10 Controversial Pictures

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8. Thomas Hoepker’s 9/11 Photo

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Thomas Hoepker is a German born photographer and member of Magnum Photos. On September 11, 2001, Hoepker was in New York when the World Trade Center was attacked. Hoepker captured hundreds of photos of the destruction, but one stands out. The photograph shows a collection of Americans relaxing and enjoying a conversation while the Twin Towers burn in the background. Hoepker did not publish the image for five years because he was concerned with the message. In 2006, the picture caused controversy in the American media. The New York Times published an article claiming the picture showed America’s failure to learn from the tragic day, or to change and reform as a nation.

“The young people in Mr. Hoepker’s photo aren’t necessarily callous (insensitive). They’re just American.” This is a country that likes to move on, and fast. The people in the picture have responded to the media by saying that they were in “a profound state of shock and disbelief.” They have ridiculed Hoepker saying that he took the picture without permission and in a way that misrepresented their feelings. Whatever the case, the photo is established as one of the defining images of 9/11 and remains controversial in the eyes of many people.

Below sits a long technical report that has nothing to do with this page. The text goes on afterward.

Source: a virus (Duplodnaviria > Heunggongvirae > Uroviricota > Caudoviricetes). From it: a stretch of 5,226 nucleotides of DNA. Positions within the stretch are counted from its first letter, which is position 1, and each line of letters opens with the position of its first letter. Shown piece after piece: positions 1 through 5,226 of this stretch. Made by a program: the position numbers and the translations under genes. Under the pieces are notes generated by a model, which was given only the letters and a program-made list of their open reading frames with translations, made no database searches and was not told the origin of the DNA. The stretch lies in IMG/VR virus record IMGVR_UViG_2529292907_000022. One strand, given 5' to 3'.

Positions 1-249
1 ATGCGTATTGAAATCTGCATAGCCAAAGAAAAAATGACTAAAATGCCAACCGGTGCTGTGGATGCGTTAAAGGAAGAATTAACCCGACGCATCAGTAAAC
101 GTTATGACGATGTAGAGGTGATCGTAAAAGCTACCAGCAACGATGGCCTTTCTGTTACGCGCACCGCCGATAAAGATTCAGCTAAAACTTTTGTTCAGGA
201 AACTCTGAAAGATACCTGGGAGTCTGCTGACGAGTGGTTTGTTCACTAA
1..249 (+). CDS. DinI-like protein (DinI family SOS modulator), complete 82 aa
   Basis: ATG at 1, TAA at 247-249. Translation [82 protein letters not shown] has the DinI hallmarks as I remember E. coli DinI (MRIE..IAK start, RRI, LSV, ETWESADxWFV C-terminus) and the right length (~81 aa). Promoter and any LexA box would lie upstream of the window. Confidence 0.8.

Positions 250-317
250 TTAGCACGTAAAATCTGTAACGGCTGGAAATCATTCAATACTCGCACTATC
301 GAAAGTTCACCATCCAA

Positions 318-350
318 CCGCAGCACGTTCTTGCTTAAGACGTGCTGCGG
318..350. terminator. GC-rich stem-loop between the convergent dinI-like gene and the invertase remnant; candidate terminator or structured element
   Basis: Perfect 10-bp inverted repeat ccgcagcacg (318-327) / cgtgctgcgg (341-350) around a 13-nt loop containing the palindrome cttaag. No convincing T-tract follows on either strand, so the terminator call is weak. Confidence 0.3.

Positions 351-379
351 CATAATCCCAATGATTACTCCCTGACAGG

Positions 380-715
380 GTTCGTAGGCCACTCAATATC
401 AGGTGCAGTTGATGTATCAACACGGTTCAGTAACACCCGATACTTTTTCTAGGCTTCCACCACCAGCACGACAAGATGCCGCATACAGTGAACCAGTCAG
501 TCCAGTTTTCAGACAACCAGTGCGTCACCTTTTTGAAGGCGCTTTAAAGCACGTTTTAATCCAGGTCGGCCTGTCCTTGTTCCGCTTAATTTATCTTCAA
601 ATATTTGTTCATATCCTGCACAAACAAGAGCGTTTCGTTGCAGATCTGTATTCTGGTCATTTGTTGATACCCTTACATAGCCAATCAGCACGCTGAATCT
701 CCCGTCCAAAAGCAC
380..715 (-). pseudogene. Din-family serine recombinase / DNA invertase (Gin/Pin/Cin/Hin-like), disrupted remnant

7. Sochi Six

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At the end of World War II, the United States and Soviet Union captured a large collection of German secrets, including information on a German rocket program. The technology sparked the Space Race (1957-1975) between the United States and the Soviet Union. In each country, a select group of individuals were chosen as the first astronauts. In most cases, these people were kept secret from the public. A good example is the Russian born astronaut Grigori Nelyubov. Little is known about Nelyubov, but he was likely the third or fourth person to travel into space before his dismissal from the Soviet space program in April, 1963, for disorderly conduct. Following his dismissal, all information regarding Nelyubov’s life was stricken from the Soviet record.

Grigori Nelyubov’s image was removed from a collection of famous photographs, including the Sochi Six picture, which shows the top members of the original class of Soviet cosmonauts. This airbrushing has led to a large collection of conspiracy theories regarding lost cosmonauts and unreported space flight. In 1966, Nelyubov committed suicide. From 1961 to 1972, at least eight former Russian cosmonauts are known to have died. The Sochi Six picture was officially released in the 1970s and the deception was only discovered after Russian news managers lost track of which versions of the picture they had already published. The fakery has caused some to label the Soviet Union’s string of space triumphs over the United States in the 1950s and early 1960s as a series of falsifications. I have included the original Sochi Six photograph before Nelyubov was removed. He is the tallest man in the picture.

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